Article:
What is a Business System Anyway?

Jul 14, 2015, Written by Sue Miley

Business systems, policies and procedures sound so boring…and time consuming…and limiting…and, did I say boring?  What exactly is a business system anyway?

I only have a few people in my office and we need to get things done.  We don’t have time to set up an actual process for everything.  Can’t we all just use a little common sense and get stuff done efficiently?

Honestly, this is me on any given week.  Of course, these are my thoughts between the coaching meetings I am having with other entrepreneurs telling them exactly why it is so important.  “Am I a hypocrite?” I wonder silently to God.

God never tells us we will like everything He wants us to do, tells us to do, or does on our behalf.  He just does what He knows is best for us.  And, I guess there is not always a correlation between what is best for us and it being pleasant.

Self Disclosure:  Maintaining Systems Is Boring

I don’t like to maintain systems and processes myself.  I know part of it is my personality (ENFP) and that I am an entrepreneur and a small business owner.  Which, as you know, means I am wearing many hats and have a lot to do.  Plus, I am attracted to the shiny, new things, not the old, boring routine things.

Does that sound familiar?

If you are an entrepreneur, you are probably similar.  You are focused on getting things done for the client.  You are putting attention on revenue-generating activities.  Once the revenue is in, you are moving on to the next sales opportunity.

Systems and Processes Do Make You Money

We sometimes miss the fact that systems, processes, and policies can and will make us money and help us to increase revenues.  Here are the facts:

  • If we do tasks consistently, we end up doing them faster, others know what to anticipate, other team members can do them the same way so the speed and quality is maintained.
  • If we have a process or system for getting something done, we can delegate this process to a less experienced team member as they have the process laid out to follow.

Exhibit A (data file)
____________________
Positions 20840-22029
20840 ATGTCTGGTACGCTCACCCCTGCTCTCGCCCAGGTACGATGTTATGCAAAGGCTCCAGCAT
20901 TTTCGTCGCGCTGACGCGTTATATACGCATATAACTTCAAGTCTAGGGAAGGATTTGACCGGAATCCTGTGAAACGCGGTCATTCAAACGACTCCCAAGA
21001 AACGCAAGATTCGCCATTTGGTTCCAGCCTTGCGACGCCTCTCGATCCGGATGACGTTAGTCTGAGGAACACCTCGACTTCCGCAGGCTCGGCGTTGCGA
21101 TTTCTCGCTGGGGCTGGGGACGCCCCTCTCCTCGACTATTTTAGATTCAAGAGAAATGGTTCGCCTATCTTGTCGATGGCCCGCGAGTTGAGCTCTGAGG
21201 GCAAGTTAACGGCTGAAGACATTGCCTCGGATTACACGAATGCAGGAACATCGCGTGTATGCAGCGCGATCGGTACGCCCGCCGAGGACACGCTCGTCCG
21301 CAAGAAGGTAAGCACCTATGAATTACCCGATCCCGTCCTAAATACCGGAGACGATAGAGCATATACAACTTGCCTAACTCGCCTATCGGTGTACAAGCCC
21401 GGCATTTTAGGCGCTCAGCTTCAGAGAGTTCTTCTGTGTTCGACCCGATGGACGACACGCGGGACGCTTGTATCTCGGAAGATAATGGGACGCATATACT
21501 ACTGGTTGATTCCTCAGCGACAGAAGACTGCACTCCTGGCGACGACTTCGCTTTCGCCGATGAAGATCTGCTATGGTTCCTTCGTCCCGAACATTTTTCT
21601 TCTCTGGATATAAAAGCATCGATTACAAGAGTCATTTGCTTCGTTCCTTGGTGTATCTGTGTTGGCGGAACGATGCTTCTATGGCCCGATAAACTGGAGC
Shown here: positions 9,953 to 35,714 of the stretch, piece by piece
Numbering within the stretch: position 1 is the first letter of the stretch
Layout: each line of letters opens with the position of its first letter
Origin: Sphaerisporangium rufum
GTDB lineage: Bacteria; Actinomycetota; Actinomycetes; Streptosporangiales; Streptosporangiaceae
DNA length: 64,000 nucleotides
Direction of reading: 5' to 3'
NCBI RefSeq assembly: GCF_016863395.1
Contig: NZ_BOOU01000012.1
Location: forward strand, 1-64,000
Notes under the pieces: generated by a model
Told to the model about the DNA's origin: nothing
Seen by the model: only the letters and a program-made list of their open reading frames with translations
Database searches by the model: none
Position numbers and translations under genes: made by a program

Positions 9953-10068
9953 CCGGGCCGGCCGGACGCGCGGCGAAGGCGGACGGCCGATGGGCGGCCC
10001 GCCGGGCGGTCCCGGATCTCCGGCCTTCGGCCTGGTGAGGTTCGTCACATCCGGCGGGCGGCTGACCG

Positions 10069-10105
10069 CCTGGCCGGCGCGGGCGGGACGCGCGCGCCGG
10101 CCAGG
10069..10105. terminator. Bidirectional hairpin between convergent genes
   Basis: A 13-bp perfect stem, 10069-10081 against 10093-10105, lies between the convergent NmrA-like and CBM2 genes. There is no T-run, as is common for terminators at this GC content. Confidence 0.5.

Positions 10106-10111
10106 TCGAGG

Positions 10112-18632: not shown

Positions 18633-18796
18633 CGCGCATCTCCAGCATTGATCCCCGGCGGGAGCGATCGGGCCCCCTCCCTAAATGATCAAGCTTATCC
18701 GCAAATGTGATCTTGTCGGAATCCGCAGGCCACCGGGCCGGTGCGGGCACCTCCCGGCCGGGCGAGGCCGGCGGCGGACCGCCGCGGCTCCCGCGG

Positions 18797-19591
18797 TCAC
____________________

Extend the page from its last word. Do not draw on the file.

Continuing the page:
• By having consistent processes, people know what to do and don’t have to ask you as many questions, or worse, wait on you for an answer and you become a bottleneck.
  • Policies provide guidelines for actions and decision making that can improve customer service, response times, and reduce management time as employees are empowered to do their job and the policies properly created can provide guidelines and boundaries for the team to work in.
  • We can get information more easily and accurately when we have good, consistent systems in place.  For example, if we have a system that we file all client work in Dropbox under clients, client name, functional task, then when anyone is trying to find anything for a client, they will know right where to look.  You don’t have to wait on someone to find a document and forward it to you.

A CrossRoads Case Study

I can give you a current example that is happening in my business right now.  As we have added CrossRoads team members, we have brought more marketing projects in-house.  However, we were still capturing our hours the way we did when there were only two of us total.  At that time, we billed everything under a Client General project.  Most of the time, only one of us would work with a specific client.  Now our team supports each client and we work on many different projects, especially in the marketing arena.

As I was billing for this past month, it took me a lot of time because I was trying to look at notes and see how many hours went towards each project.  I do this to make sure we are billing accurately and to ensure profitability on each project.

It took way too much time and there were time posts with multiple tasks across projects.  The process we started with is outdated.

It doesn’t work anymore.

The “system” has the ability to set up as many projects as we want for each client.  If there is a separate project opened for the different projects we are working on for a client, the exact hours can be tracked under that project.

At the end of the month, I can easily see how many hours per project.  I can provide better breakdown and detail for our client, quickly.  I can assess the profit margins and make decisions and take action if there is a problem.

Changing this process will save us time, improve accuracy, and provide information.

So, why did it take 6 months of struggling before I made the change??

Wise Business Owners Systematize Their Business

I can make a bunch of excuses, but in the end, because it is in my nature, I flock to the “people part” of my job.  I start new things all of the time.  Working on an old process or creating processes in general, for us, not our clients, is not fun to me.

However, this is where we have to be wise business managers.  We have to fight against our nature.  We have to put in the proper and needed systems, processes and policies or we will get stuck.  Our business will plateau.  It won’t be able to grow past what we can touch and make happen.

For the health of your business,
For the empowerment of your team,
For the sake of your sanity…
Embrace systematizing your business, in order to build a solid foundation for growth (on rock, not sand)!

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Sue Miley

Sue Miley MBA, MA, LPC helps small business owners build successful businesses on a foundation of Christian values. After 20 years in business, and 10 years as a Christian counselor, Sue uses a combination of faith, business and psychology to help clients in business and in life.

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